On Wednesday night the weather was very bad, my balance was strangely variable, and I was obliged to lean with my knees and elbows against the sideboard, to prevent myself from falling. Portmanteaus and bags came in and out of my cabin; an unusual hubbub reigned in the adjoining saloon, in which two or three hundred packages were making expeditions from one end to the other, knocking the tables and chairs with loud crashes; doors slammed, the boards creaked, the partitions made that groaning noise peculiar to pine wood; bottles and glasses jingled together in their racks, and a cataract of plates and dishes rolled about on the pantry floors.

After having passed the great hatchway of the engine-rooms, I observed a 'small hotel' on my left, and then the spacious side walls of a palace surmounted by a terrace, the railings of which were being varnished. At last I reached the stern of the steam-ship, and the place I had already noticed where the scaffolding was erected.

Towards five o'clock a small steamer, intended as a shore-boat for the 'Great Eastern,' came alongside. Her movable engine was first hoisted on board by means of windlasses, but as for the steamer herself, she could not be embarked. Her steel hull was so heavy that the davits to which it was attached bent under the weight, undoubtedly this would not have occurred had they supported them with lifts. Therefore they were obliged to abandon the steamer, but there still remained on the 'Great Eastern' a string of sixteen boats hanging to the davits.

Everything was finished by evening; not a trace of mud was visible on the well-swept boulevards, for an army of sweepers had been at work. There was a full cargo; provisions, goods, and coal filled the stewards' room, the store, and the coal houses. However, the steamer had not yet sunk to the load water-line, and did not draw the necessary thirty-three feet. It was an inconvenient position for the wheels, for the paddles not being sufficiently immersed, caused a great diminution in the speed.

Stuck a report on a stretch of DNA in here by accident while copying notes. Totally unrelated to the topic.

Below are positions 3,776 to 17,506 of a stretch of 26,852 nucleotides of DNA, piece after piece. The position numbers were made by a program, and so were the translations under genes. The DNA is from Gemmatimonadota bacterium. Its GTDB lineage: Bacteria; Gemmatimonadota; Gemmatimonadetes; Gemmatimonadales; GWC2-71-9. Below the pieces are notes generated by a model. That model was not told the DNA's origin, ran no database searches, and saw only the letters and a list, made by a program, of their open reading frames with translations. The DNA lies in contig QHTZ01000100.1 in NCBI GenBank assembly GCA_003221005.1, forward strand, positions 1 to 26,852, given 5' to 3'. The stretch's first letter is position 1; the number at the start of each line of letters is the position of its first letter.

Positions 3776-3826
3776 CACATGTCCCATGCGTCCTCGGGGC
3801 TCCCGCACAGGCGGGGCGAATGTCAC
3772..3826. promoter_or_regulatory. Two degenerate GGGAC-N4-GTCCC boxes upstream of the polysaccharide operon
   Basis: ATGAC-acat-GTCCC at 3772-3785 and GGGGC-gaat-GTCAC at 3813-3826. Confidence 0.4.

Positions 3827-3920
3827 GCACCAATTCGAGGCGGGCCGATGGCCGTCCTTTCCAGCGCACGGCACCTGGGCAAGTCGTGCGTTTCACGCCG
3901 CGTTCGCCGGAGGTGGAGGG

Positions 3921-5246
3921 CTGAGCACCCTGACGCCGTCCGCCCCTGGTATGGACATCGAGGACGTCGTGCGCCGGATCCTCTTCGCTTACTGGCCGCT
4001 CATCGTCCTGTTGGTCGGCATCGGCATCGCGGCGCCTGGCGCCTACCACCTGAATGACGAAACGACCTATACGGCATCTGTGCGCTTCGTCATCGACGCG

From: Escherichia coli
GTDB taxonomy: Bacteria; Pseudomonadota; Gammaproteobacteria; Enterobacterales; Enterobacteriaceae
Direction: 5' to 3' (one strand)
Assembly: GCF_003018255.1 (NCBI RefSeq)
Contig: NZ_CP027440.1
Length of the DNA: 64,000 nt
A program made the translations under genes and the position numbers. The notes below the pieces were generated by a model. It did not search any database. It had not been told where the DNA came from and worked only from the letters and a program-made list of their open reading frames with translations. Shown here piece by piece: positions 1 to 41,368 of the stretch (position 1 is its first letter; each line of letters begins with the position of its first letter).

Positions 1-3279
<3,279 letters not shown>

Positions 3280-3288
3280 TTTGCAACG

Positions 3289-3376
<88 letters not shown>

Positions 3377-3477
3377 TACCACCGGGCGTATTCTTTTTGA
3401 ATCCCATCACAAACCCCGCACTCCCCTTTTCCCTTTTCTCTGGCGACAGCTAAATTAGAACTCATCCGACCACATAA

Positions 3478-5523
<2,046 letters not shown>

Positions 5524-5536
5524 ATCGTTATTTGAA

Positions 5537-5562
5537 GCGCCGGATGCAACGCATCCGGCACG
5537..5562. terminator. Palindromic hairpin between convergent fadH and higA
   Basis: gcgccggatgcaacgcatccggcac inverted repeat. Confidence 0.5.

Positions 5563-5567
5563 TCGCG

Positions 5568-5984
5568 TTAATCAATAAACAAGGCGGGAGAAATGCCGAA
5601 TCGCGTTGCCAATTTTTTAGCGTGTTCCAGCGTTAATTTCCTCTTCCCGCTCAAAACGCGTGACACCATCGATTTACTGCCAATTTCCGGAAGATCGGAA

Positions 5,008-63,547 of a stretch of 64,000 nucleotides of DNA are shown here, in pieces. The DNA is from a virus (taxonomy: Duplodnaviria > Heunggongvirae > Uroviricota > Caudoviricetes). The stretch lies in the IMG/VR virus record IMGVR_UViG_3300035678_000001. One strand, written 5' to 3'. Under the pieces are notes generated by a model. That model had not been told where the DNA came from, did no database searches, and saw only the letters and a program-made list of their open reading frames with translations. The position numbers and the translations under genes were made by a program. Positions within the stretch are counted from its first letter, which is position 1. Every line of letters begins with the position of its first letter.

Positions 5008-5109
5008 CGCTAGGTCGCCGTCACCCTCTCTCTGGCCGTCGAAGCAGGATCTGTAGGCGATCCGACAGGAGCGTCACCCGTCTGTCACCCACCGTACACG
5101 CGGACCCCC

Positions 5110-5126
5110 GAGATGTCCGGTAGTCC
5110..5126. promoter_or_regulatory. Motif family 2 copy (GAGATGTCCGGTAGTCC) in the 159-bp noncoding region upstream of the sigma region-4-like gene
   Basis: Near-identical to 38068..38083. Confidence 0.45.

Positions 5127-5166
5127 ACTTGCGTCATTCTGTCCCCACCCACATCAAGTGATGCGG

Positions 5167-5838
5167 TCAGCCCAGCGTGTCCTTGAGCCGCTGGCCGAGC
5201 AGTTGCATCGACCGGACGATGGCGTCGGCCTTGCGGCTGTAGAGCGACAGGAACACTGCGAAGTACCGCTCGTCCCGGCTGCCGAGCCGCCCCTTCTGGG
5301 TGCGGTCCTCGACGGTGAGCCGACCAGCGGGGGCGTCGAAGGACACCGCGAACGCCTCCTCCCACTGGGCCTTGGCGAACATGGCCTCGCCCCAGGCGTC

Thus, in the midst of the fog, officers and sailors were obliged to keep a strict watch, which soon proved to be necessary, for about three o'clock a three-master appeared at less than two hundred yards from the 'Great Eastern,' her sails disabled by a gust of wind, and no longer answering to her helm.

The crew had undoubtedly had time to leave her, but could they have reached land, which was three hundred miles off? Could a frail boat live on a sea like that which had rocked the 'Great Eastern' so frightfully? And when could this catastrophe have happened? It was evident that the shipwreck had taken place farther west, for the wind and waves must have driven the hull far out of her course. These questions were destined to remain unanswered.

Therefore, to the great regret of the sailors, it had to be abandoned, and it was soon a mere speck in the distance. The group of passengers dispersed, some to the saloons, others to their cabins, and even the lunch-bell failed to awaken the slumberers, worn out by sea-sickness. About noon Captain Anderson ordered sail to be hoisted, so that the ship, better supported, did not roll so much.

One might have thought oneself in the worst part of Upper Thames Street, near London Bridge. I walked on, following the upper decks towards the stern. Stretching on either side were two wide streets, or rather boulevards, filled with a compact crowd; thus walking, I came to the centre of the steam-ship between the paddles, united by a double set of bridges.

This steam-ship is indeed a masterpiece of naval construction; more than a vessel, it is a floating city, part of the country, detached from English soil, which after having crossed the sea, unites itself to the American Continent. I pictured to myself this enormous bulk borne on the waves, her defiant struggle with the wind, her boldness before the powerless sea, her indifference to the billows, her stability in the midst of that element which tosses 'Warriors' and 'Solferinos' like ship's boats.